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How is consciousness created? When did it first appear on Earth, and how did it evolve? What constitutes consciousness, and which animals can be said to be sentient? In this book, Todd Feinberg and Jon Mallatt draw on recent scientific findings to answer these questions – and to tackle the most fundamental question about the nature of consciousness: how does the material brain create subjective experience?

After assembling a list of the biological and neurobiological features that seem responsible for consciousness, and considering the fossil record of evolution, Feinberg and Mallatt argue that consciousness appeared much earlier in evolutionary history than is commonly assumed. About 520 to 560 million years ago, they explain, the great “Cambrian explosion” of animal diversity produced the first complex brains, which were accompanied by the first appearance of consciousness; simple reflexive behaviors evolved into a unified inner world of subjective experiences. From this they deduce that all vertebrates are and have always been conscious – not just humans and other mammals, but also every fish, reptile, amphibian, and bird. Considering invertebrates, they find that arthropods (including insects and probably crustaceans) and cephalopods (including the octopus) meet many of the criteria for consciousness. The obvious and conventional wisdom–shattering implication is that consciousness evolved simultaneously but independently in the first vertebrates and possibly arthropods more than half a billion years ago. Combining evolutionary, neurobiological, and philosophical approaches allows Feinberg and Mallatt to offer an original solution to the “hard problem” of consciousness.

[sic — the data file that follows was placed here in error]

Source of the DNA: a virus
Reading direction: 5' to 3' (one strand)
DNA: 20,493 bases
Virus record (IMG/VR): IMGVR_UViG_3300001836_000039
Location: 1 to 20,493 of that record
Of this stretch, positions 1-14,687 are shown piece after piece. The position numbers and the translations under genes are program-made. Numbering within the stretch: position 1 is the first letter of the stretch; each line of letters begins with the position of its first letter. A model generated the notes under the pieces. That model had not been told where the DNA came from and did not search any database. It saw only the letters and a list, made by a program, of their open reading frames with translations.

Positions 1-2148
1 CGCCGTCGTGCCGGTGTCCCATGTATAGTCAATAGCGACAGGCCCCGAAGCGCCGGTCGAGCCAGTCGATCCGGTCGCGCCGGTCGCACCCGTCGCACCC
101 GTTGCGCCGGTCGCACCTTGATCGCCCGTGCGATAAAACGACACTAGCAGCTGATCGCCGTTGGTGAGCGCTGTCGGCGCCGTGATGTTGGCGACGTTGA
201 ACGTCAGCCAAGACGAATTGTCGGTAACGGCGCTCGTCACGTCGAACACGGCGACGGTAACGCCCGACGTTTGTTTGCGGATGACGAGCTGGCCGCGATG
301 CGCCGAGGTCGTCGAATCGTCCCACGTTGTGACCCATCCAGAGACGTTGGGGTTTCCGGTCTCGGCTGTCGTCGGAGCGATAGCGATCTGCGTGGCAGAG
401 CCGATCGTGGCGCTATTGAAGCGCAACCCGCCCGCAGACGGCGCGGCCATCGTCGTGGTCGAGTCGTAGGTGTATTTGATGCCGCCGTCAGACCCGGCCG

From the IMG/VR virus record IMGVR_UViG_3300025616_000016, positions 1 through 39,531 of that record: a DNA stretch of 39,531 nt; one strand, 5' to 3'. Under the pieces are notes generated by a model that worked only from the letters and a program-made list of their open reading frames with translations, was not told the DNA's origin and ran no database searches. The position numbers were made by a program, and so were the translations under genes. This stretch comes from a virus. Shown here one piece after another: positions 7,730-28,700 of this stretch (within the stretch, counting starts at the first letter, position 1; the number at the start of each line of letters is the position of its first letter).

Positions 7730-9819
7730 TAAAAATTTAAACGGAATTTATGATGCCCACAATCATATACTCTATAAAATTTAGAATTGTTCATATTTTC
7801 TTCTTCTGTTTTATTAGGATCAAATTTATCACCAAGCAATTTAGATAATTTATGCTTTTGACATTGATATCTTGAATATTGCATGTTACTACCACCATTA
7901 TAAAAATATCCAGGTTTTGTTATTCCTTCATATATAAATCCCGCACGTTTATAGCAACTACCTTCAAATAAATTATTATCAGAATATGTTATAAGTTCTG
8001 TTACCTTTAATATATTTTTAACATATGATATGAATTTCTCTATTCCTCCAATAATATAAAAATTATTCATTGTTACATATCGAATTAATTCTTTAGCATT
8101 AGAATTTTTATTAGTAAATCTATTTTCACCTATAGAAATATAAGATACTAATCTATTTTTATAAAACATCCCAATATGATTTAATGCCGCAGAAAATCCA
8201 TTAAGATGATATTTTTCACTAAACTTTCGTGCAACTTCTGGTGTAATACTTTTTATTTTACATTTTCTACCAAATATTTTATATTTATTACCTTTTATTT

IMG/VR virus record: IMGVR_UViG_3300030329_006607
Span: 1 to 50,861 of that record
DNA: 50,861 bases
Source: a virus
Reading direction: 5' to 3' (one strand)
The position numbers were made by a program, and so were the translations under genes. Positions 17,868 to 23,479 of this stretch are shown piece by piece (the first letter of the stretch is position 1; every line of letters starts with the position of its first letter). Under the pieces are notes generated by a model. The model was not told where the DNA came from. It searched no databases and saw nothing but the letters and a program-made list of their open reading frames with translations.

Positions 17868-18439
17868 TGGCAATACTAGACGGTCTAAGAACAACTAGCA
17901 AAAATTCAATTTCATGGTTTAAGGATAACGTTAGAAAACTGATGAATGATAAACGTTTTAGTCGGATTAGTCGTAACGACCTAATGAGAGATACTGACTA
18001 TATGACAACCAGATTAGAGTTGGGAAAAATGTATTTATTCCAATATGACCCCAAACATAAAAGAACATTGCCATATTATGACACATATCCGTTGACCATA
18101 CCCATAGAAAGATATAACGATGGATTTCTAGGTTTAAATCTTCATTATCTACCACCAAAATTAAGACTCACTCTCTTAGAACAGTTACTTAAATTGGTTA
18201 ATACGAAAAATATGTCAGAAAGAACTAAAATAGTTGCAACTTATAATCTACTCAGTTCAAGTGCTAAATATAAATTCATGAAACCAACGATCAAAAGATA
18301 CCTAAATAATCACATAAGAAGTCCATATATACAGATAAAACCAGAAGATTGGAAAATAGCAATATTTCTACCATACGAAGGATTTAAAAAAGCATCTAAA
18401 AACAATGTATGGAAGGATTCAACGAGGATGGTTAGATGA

See on amazon.com

11
Mag
16

Overconfidence in Political Behavior

See on Scoop.itBounded Rationality and Beyond